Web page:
Wednesday, February 12, 2014
Happy Valentine's Day to You!
Here's a menu you can make just for you with great leftovers. This post features big double lamb chops that are grilled first and then finished in the oven; a piquant tapenade tops them at the table. Meantime, you'll oven-roast large, whole carrots laced with ground cumin. There's a make-ahead green bean salad you'll fix again and again and I also give suggestions for wine and tiny, light desserts. Don't want leftovers? Cut the amounts in half for a one-time dinner. Don't want to eat alone? Invite a friend or neighbor; there's plenty..
Start with a beautiful sparkler that needn't cost much. I heartily recommend a New Mexico sparkling wine such as Gruet rather than splurging on French champagne. Despite all, I've found sparklers do keep a day two. Or, if you'd like, choose a half-bottle of a very special sparkling wine from the wine shop. Add some of the tapenade with baguette or crackers or a bowl of great potato chips--my favorite sparkler pairing. Stay away from cheese; fresh vegetables would work wonderfully. Just stick with something light; lamb is loving, but filling.
If you're cooking for just you, open the wine, turn on the music, set the table, and enjoy a beautiful night. Afterward, get out that novel you've been meaning to read and take it to bed with you along with the last glass of wine. You could write letters or cards to a few people you adore; make yourself post them in the morning. Whatever you do, have fun cooking and taking care of yourself!
Monday, January 27, 2014
A cold and snowy morning at home. Kept looking at my granola and wondering what I could do with it that would turn it into something warm. Pancakes came to mind. Eggs popped up right after that. What came to be was a short stack of pancakes that had granola and minced, cooked bacon in them --all topped off with a fried egg and a swizzle of real maple syrup, garnished with a bit more granola. Heaven as I know it.
Years ago, I used to make Marion Cunningham's granola pancakes (just add granola), but I now make my own….She has always been a great breakfast inspiration and her Breakfast Book is one of my favorite cookbooks.
|Alyce's granola--recipe below in purple make my own granola link|
Monday, January 20, 2014
Readers: If you also read my posts at More Time at the Table, please know that I've moved the blog to WordPress: http://www.moretimeatthetable.com. Do follow me there! (Migration by gorgeous and oh-so-smart daughter, Emily Suzanne Morgan--follow Emily @fightthebees)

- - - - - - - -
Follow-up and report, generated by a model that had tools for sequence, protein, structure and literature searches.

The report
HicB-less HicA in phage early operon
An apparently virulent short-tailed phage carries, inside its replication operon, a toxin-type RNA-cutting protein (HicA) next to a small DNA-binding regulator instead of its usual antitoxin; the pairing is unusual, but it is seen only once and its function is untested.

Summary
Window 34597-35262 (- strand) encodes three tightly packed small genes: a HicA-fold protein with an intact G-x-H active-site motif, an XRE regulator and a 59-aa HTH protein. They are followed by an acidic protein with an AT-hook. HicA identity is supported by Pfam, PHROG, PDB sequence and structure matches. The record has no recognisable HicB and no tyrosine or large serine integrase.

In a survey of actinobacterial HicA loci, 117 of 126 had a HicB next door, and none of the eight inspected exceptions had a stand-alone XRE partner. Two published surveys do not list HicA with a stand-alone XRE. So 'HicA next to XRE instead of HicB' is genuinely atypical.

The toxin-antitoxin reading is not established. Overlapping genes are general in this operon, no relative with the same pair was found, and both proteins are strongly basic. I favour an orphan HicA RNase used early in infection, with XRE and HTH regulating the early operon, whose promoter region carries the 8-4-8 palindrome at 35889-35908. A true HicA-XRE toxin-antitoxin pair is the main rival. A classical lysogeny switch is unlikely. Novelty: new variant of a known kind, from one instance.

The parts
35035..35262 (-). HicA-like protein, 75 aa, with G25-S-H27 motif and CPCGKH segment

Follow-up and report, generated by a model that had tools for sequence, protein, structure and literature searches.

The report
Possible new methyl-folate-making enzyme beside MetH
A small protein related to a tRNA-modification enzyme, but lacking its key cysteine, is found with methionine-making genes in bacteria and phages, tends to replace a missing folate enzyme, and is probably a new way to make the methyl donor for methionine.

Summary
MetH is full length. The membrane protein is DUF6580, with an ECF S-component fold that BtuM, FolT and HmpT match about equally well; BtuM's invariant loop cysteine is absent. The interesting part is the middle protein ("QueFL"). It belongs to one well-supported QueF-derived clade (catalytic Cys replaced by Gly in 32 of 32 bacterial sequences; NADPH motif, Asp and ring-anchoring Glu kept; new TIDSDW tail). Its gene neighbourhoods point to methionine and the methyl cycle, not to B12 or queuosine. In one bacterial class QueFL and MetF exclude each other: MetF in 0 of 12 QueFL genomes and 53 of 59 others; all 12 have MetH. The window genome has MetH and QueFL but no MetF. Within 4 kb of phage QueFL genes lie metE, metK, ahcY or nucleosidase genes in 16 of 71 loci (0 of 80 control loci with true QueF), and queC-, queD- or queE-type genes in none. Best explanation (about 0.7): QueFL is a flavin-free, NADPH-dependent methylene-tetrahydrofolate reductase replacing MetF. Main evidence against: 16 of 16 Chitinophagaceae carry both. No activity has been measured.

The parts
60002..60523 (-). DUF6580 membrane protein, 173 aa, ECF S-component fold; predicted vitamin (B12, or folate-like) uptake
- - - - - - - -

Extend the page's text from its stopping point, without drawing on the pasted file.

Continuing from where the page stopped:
If you have tortillas, salsa, and perhaps a little cheese in your fridge, you can nearly always find something for breakfast, lunch, or dinner. If you have baby kale, the sky's the limit. After the long siege of football games yesterday -- complete with potato skins, (recipe coming from son Sean…)
Sunday, January 12, 2014
Readers: I recently moved my cooking blog MORE TIME AT THE TABLE to WordPress. If you're a MORE TIME reader, too, please reset your favorites, links, and so on. Do come check out the new site and follow me there!! Click here for new site.
The number of chickens-in-a-box (think wine in a box, but these are also often called rotisserie chickens) I see in shopping carts makes me sad. It can't mean people don't know how to roast a chicken, can it? A little oil, some salt and pepper, stick it in the oven or even in the slow cooker. No. Mostly, I think it's the time factor, fatigue, or simplicity. Maybe the inability to think any more that day. The chicken-in-a-box is often cheaper, too. That just shouldn't be so.
Sunday, December 29, 2013
|Pintos garnished with plain Greek yogurt and Frontera salsa|
This is a favorite pot of "good luck" beans I'm reposting for New Year's. Invite a friend, put on a movie, and enjoy a wonderful pot of healthy, inexpensive goodness. If you have a slow-cooker, all the better! Nobody available? Cook them anyway. Enjoy the movie and freeze a few containers for lunches.
When I was a kid, a pot of beans sounded nasty to me. It smacked of nothing to do out in the country (except make a pot of beans) and I didn't particularly like the taste of beans--particularly pintos. My parents grew all kinds of vegetables and they were fond of many sorts of beans and peas; our neighbors were of a similar ilk. Married during the depression, but first raised on or near the farm, they all knew every trick for saving money on food. Moving to the big city, they searched for a piece of land out a ways in order to plant that garden every year. (Weed, can, water, repeat.)